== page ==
Glikson crater is an impact structure (or astrobleme), the eroded remnant of a former impact crater, situated in the Little Sandy Desert of central Western Australia. A possible impact structure was first reported in 1997, and named after Australian geologist A. Y. Glikson, attention to the site being drawn by the presence of a prominent 14 km diameter ring-shaped aeromagnetic anomaly. The area within the ring contains sparse outcrop of uplifted and deformed Neoproterozoic sandstone, but is largely covered by sand dunes. The recent discovery of shatter cones and microscopic shock effects is reliable evidence for an impact origin. Deformation of the sandstone consistent with an impact origin extends out to a diameter of 19 km, which is the best estimate for the original diameter of the original crater. The ring-shaped aeromagnetic anomaly was probably caused by disruption of a horizontal layer of magnetic igneous rock, known as a sill, by the impact event. Nearby outcrops of dolerite have been dated at 508 ± 5 Ma (Middle Cambrian), and if this is the same rock causing the aeromagnetic anomaly, then the impact must be younger, probably of Paleozoic age.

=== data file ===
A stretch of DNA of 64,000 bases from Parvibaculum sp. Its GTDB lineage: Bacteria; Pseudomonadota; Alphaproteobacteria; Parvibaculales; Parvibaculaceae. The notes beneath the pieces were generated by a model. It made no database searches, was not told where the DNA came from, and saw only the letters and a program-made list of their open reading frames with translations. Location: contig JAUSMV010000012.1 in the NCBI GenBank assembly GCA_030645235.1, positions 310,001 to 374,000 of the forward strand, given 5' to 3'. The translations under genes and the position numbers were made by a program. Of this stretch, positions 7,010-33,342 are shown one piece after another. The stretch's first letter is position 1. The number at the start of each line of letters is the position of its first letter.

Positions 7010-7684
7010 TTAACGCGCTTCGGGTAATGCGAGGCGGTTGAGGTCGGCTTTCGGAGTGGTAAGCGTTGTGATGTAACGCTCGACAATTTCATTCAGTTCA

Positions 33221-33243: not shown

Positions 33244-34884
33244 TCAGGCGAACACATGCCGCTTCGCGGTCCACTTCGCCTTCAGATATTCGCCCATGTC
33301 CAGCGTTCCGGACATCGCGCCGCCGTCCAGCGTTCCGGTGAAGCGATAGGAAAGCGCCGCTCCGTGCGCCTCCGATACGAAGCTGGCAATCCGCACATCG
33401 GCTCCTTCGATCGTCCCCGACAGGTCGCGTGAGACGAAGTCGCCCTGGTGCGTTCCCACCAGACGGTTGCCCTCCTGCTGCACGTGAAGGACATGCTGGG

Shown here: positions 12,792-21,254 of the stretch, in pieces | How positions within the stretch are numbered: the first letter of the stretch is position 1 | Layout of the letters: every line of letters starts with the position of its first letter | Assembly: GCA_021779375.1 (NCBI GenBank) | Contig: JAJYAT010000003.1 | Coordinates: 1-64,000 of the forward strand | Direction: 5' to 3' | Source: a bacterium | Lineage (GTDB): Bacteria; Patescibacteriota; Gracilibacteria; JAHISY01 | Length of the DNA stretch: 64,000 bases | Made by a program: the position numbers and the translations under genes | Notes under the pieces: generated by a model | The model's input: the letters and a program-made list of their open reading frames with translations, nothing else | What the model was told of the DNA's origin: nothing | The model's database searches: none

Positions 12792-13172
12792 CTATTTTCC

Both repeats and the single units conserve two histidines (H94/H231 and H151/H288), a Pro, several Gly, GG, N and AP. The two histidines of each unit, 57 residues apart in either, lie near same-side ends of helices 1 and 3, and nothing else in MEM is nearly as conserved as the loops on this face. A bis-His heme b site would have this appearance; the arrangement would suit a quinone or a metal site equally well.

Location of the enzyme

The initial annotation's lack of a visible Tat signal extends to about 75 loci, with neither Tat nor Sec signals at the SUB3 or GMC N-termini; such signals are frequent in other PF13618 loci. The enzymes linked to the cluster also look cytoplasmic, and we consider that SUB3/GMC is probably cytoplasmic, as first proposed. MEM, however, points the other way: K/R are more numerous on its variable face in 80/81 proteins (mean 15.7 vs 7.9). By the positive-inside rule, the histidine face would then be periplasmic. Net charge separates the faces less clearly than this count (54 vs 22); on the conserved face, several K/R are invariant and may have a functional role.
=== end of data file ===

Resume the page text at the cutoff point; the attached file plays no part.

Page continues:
- "Glikson". Earth Impact Database. University of New Brunswick. Retrieved 2008-12-30.
- Shoemaker EM, Shoemaker CS (1997). "Glikson, a probable impact structure, Western Australia". Lunar and Planetary Science Conference. XXVIII (Part 3): 1309–131; abstract 1669. Conference abstract
- Macdonald FA, Wingate MT, Mitchell K (2005). "Geology and age of the Glikson impact structure, Western Australia". Australian Journal of Earth Sciences. 52 (4–5): 641–651. Bibcode:2005AuJES..52..641M. doi:10.1080/08120090500170419. Abstract
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